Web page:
Murder plot details: Infatuated inmate wanted Justin Bieber dead
Pruning shears. A wrong turn toward Canada. Chinese gangs. Code words for torture and murder. And a prison mastermind with a fetish for paisley ties and a tattoo of Justin Bieber on his leg.
The New Mexico State Police headquarters was crushed by media calls Thursday seeking information about a report that superstar Bieber was the target of a prison-hatched murder-for-hire scheme.
“This is crazy!” a police receptionist said over the phone, in disbelief at the attention.
First, neither Bieber nor anyone else was harmed. Police moved quickly, the plot was foiled and arrests have been made. A purported $2,500-per-testicle castration order was directed at other targets, not Bieber, according to court documents.
[UPDATE 3:15 p.m. Lt. Robert McDonald of the New Mexico State Police said in an email, “I believe it is safe to say they planned on doing the same to all victims.”]
Arrest affidavits obtained by the Los Angeles Times said that Bieber, identified in the documents as J.B. and “Victim 3", and his unidentified bodyguard “M.B.” were two of four people targeted in a cross-country murder-for-hire plot concocted by a convicted killer named Dana Martin, police said.
Martin is serving multiple life sentences for strangling and throwing 15-year-old DeAndra Florucci over a Vermont bridge in 2000.
Bieber was, police said in an affidavit, his “ultimate target”:
“When asked to explain why Victim 3 was to be killed, Mr. Martin stated that Victim 3 has a measure of fame and that he (Mr. Martin) had become infatuated with Victim 3,” an investigator wrote in the affidavit. “This infatuation was exemplified by the tattooing of an image of Victim 3 on Mr. Martin’s leg. Mr. Martin stated that he had attempted to solicit correspondence on numerous occasions between Victim 3 and him and Victim 3 never returned in kind.
“This perceived slight made Mr. Martin upset and that, coupled with Mr. Martin’s perception of being a ‘nobody’ in prison, led him to begin plotting the kidnap and murder of Victim 3. In the end, what Mr. Martin stated he was seeking was a measure of notoriety so that there would be people outside of prison who would know who he (Mr. Martin) was.”
After a prison transfer from Florida to New Mexico in April, Martin made friends with inmate Mark Aaron Staake, 41, after Staake noticed his Bieber tattoo. Martin told police he convinced Staake that he had a lot of money hidden away and that Staake could also come into favor with a Chinese gang in New York if he did a job for him.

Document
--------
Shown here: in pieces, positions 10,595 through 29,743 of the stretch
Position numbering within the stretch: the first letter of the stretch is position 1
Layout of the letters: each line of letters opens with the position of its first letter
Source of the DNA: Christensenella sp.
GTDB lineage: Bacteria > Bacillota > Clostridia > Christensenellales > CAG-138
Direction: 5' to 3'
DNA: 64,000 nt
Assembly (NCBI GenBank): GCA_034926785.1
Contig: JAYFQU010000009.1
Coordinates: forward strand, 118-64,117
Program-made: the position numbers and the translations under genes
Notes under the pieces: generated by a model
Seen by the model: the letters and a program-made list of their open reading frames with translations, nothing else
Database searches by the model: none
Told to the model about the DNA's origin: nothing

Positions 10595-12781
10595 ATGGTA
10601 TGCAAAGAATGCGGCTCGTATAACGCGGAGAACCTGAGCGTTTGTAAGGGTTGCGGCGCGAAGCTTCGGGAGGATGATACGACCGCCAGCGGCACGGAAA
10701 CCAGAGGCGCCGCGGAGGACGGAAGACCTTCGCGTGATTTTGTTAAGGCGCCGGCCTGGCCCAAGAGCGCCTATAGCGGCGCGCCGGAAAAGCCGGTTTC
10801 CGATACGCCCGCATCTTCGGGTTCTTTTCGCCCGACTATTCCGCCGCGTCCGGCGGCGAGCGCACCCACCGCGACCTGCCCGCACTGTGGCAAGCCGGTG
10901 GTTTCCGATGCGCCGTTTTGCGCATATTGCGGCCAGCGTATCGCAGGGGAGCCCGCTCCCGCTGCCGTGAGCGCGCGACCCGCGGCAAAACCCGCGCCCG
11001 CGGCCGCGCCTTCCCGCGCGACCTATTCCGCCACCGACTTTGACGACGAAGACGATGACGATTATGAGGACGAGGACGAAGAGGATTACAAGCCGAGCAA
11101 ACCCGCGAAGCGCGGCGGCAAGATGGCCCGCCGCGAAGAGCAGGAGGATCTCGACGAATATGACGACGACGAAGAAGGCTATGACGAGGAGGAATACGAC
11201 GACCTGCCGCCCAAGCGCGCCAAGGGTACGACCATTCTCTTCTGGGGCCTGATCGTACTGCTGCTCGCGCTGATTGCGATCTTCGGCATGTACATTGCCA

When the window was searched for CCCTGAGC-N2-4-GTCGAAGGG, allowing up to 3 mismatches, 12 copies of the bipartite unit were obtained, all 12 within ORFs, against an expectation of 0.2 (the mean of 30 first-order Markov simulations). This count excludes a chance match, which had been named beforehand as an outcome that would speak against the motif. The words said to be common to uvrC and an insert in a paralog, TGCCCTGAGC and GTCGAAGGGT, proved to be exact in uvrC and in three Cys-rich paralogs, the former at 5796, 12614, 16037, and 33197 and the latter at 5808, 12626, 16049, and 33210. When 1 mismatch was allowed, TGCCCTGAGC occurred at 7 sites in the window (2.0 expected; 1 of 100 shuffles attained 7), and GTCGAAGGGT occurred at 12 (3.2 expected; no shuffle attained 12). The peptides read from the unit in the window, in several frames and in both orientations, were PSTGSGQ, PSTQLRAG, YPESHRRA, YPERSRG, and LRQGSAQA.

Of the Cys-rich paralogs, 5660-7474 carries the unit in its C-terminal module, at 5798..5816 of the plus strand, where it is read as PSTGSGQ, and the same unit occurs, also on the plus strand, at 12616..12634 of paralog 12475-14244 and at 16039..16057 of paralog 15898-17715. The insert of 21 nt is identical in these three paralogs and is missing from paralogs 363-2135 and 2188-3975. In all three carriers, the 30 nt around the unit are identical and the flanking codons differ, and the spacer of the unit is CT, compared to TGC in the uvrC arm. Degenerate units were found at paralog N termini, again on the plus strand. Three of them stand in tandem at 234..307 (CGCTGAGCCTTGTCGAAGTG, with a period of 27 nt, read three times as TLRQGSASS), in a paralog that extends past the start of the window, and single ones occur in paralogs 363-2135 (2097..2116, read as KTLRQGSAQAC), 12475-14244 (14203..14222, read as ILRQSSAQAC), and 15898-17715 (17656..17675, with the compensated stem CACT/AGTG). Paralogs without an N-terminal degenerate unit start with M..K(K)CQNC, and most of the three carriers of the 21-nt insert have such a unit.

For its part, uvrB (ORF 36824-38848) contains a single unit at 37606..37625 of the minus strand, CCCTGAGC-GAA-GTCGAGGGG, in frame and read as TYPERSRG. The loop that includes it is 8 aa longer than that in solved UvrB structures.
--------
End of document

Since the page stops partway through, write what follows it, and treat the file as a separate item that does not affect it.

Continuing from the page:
Staake was apparently convinced and enlisted his nephew, Tanner Ruane, 23, to help, police said. After Staake got out of prison on Oct. 22, the pair left for Vermont about three weeks later, police said.
And then the imprisoned Martin turned them in.
Shortly after the uncle-and-son team left Albuquerque, Martin asked to speak with a corrections officer, Sgt. Edgar Pinon. He told Pinon that he thought two men were about to commit a murder in Vermont, according to the affidavit.
Bieber was not the only target. Martin had first wanted Ruane and Staake to castrate and kill two other victims, identified by police as P.L. and M.S., though the affidavit doesn’t explain why.
The uncle-and-nephew team had run into problems in Vermont, though. On Nov. 19, they almost drove their 1983 BMW into Canada and ran into a U.S. border crossing when they tried to turn around, police said. There, Staake was arrested on an outstanding warrant he’d had in New Mexico. Later, his nephew Ruane called Martin in prison to break the news. The call was being recorded.
“Dude, this [peeves] me off so bad, brother! I wanted this [stuff] to go down so bad,” Ruane said, according to the affidavit. The pair had apparently been at one of the victims’ residences the previous night, police said, but Ruane decided he would go ahead with the job -- “adopting these dogs,” as Ruane called it, which was a code phrase for the hit, Martin told jail officials. The two then agreed on a bounty of $2,500 per testicle for the first two victims in Vermont, police said.
In an ensuing phone call, Ruane talked about the kind of hedge clippers he would use, Durasharp. Martin told him to buy a paisley tie to do the killing because that’s the kind of tie that Martin had previously used to kill, according to the affidavit.
Ruane was arrested in New York. He and his uncle await extradition to New Mexico, police said, where they face charges of conspiracy to commit murder and conspiracy to commit aggravated battery. No charges had been filed against Martin, police said.
Must-read stories from the L.A. Times
Get all the day's most vital news with our Today's Headlines newsletter, sent every weekday morning.
You may occasionally receive promotional content from the Los Angeles Times.